Upset that his wife was going to leave him and take their young son, Steven R. Johnson sought refuge in the basement of their St. Paul home the evening of Jan. 6. He threw back a few vodka shots and then went to a box where he kept a loaded handgun he had stolen from his wife’s father over Christmas.

“Why did you take the gun out of the box?” asked Johnson’s attorney, Connie Iversen, during a plea hearing Friday.

“To scare her,” said Johnson.

But Johnson testified at the hearing that between 6 and 7 p.m. he stashed the gun in his back pocket, climbed the stairs to the second floor and shot his wife, Manya Johnson, once in the temple. He testified that he called her mother just minutes later, about 7:13 p.m., to keep up a daily phone routine to thwart suspicion. By 7:25 p.m. he was at a hardware store on University Avenue, buying the saw he would use to dismember his wife in the bathtub.

Johnson, 35, pleaded guilty Friday in Ramsey County District Court to premeditated first-degree murder and was immediately sentenced to life in prison.

“There is nothing I can say to make this better,” Johnson said. “Saying sorry is not enough; it will never be enough. I will live with this regret for the rest of my life.”

Judge Lezlie Ott Marek had little sympathy.

“Mr. Johnson, your crime was heinous,” she said. “It has shocked this community. By all accounts, Manya Jewel was a very fine human being, and she was a bright light to all those who knew her.”

Under questioning by Iversen, Johnson gave this account of the day he killed his wife:

The couple argued earlier that day because Manya Johnson, 32, found a bottle of liquor in the car and did not like her husband drinking. Their 3½-year marriage had been faltering since the birth of their son, who was 18 months old when his mother died.

Johnson testified that he had lunch with his family to celebrate his sister’s birthday while Manya Johnson stayed home with their son, Oliver. The plan was to open presents at the Johnson home in the 1400 block of Sheldon Av., but when his family arrived, Manya Johnson said the couple had dinner plans, which was false. His family left around 5:30 p.m.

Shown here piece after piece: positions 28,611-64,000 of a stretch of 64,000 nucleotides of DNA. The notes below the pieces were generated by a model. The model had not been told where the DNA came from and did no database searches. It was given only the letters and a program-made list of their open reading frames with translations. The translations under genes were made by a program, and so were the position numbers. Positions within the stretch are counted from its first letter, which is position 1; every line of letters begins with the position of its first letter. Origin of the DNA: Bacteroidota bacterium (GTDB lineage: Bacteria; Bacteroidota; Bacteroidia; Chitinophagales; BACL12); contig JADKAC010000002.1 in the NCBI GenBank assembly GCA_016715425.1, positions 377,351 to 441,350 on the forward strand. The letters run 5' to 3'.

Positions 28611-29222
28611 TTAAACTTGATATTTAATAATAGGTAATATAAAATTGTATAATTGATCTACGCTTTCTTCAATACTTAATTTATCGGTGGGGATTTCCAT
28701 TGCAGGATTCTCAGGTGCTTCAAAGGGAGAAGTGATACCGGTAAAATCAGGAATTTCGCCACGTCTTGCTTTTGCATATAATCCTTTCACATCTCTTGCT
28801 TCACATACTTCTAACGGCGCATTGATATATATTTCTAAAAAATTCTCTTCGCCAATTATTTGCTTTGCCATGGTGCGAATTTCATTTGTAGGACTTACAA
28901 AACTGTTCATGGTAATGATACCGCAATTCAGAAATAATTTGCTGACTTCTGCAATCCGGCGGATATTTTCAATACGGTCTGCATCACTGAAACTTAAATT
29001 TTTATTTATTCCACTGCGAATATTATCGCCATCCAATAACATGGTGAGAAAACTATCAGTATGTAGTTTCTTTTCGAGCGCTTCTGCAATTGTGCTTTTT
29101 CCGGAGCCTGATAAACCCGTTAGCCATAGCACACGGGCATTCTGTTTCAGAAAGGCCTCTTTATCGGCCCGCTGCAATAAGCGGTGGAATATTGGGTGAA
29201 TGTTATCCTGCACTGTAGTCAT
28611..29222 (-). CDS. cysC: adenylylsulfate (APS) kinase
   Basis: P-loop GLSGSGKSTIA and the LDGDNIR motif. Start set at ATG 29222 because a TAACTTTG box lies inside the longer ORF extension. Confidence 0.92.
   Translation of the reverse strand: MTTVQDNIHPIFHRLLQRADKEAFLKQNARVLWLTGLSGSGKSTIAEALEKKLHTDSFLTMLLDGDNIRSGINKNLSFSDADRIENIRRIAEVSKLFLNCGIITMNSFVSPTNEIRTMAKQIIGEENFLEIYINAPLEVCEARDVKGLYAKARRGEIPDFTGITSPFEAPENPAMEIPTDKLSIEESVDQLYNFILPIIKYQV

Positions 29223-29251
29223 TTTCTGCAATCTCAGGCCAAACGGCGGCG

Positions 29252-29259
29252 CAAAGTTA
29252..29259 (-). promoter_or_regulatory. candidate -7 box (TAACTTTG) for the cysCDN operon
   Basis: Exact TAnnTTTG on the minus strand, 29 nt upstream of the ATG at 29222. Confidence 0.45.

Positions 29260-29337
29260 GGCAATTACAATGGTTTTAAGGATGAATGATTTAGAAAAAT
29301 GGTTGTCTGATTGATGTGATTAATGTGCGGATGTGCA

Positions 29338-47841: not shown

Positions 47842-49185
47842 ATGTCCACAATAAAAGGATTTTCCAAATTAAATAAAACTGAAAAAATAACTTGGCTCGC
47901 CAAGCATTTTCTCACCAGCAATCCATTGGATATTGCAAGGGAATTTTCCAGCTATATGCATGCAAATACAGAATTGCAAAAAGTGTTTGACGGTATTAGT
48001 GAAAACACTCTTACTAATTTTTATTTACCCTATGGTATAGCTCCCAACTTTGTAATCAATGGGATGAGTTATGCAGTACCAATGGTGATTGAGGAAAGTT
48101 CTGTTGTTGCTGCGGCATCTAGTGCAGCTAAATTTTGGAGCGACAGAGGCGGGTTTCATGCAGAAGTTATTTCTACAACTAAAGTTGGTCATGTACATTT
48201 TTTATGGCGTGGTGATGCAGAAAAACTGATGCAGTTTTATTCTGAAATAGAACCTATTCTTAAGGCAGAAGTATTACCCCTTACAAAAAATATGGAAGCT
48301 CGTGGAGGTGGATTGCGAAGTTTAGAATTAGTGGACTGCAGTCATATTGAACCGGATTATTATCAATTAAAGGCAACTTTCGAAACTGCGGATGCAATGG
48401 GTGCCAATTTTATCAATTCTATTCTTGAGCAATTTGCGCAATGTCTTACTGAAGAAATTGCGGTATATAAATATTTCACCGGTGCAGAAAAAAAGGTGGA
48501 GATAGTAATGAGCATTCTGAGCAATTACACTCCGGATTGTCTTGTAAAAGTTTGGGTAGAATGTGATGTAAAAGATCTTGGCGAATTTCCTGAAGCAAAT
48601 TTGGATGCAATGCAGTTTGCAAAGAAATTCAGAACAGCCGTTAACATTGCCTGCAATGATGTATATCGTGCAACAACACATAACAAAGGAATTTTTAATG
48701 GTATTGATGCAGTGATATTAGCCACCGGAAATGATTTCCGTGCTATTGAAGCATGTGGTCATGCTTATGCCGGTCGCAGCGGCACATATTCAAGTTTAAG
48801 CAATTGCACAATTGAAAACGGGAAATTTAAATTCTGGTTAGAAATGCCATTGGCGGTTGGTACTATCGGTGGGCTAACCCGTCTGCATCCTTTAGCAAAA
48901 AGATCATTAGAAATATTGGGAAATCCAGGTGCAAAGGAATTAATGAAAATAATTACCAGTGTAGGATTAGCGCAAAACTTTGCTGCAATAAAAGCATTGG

The couple argued, and Manya Johnson told her husband he wouldn’t get custody of their son, he testified. That’s when Johnson went to retrieve the gun.

“Were you able to persuade her not to leave with Oliver?” Iversen asked.

“No,” he said.

“What did you decide to do?”

“I decided to stop her from leaving,” he said. Johnson testified that he stood in the bathroom doorway and shot his wife as she walked past him.

“My son was crying in the bedroom,” Johnson said. “He had heard the shot.”

Johnson admitted that he began a series of cover-ups: He called his mother-in-law, dismembered his wife, cleaned up afterward and drove his wife’s car to a park-and-ride lot so it would look like she had gone to work Monday morning at Target Corp., where she worked in marketing operations.

He smashed her cellphone and left it under her car to fake an abduction, he said, then rode a bike home.

At 8:01 a.m. Monday, he sent his wife an e-mail, as was their practice. He took his son to day care and went to work.

Manya Johnson’s friend and co-worker texted Johnson about 11:29 a.m. concerned about her whereabouts.

“I played along like I didn’t know where Manya was,” he testified.

Johnson said he e-mailed his wife at 11:30 a.m. “to play the charade.”

That afternoon he drove plastic tote bags containing his wife’s body to a friend’s home in White Bear Lake and stashed them in a garage without the friend’s knowledge.

At 12:37 p.m. he called 911. At 12:42 p.m. he called St. Paul police to report his wife missing. At 1:30 p.m. he met with his friend, whom he had befriended in prison, and confessed to his crime. But an hour later Johnson met up with his wife’s co-worker and searched for her, he testified.

Police intercepted him at the family’s home that afternoon.

Johnson said Friday that his wife “had a huge heart,” and that she had accepted him despite his criminal past.

“I did not deserve her,” he said. “I robbed my son of his mom and his dad. I have robbed her family of their daughter and their sister and their friend.”

As part of the plea agreement, a second-degree murder charge was dismissed and the state agreed not to oppose any attempts Johnson could make for early release after serving 30 years in prison.

Steven and Manya Johnson’s families declined to comment after the hearing. Manya’s parents are caring for the boy.

In court documents from Johnson’s 1996 conviction for aiding and abetting criminal sexual conduct in Anoka County, a psychologist diagnosed the 18-year-old as “particularly defective in his capacity for empathy” and as having “a pathological sexual adjustment that is not likely to be improved very much by the time he leaves prison.”

Johnson was sentenced to 17 years and two months in that case. He met Manya Johnson soon after his release from prison in February 2008.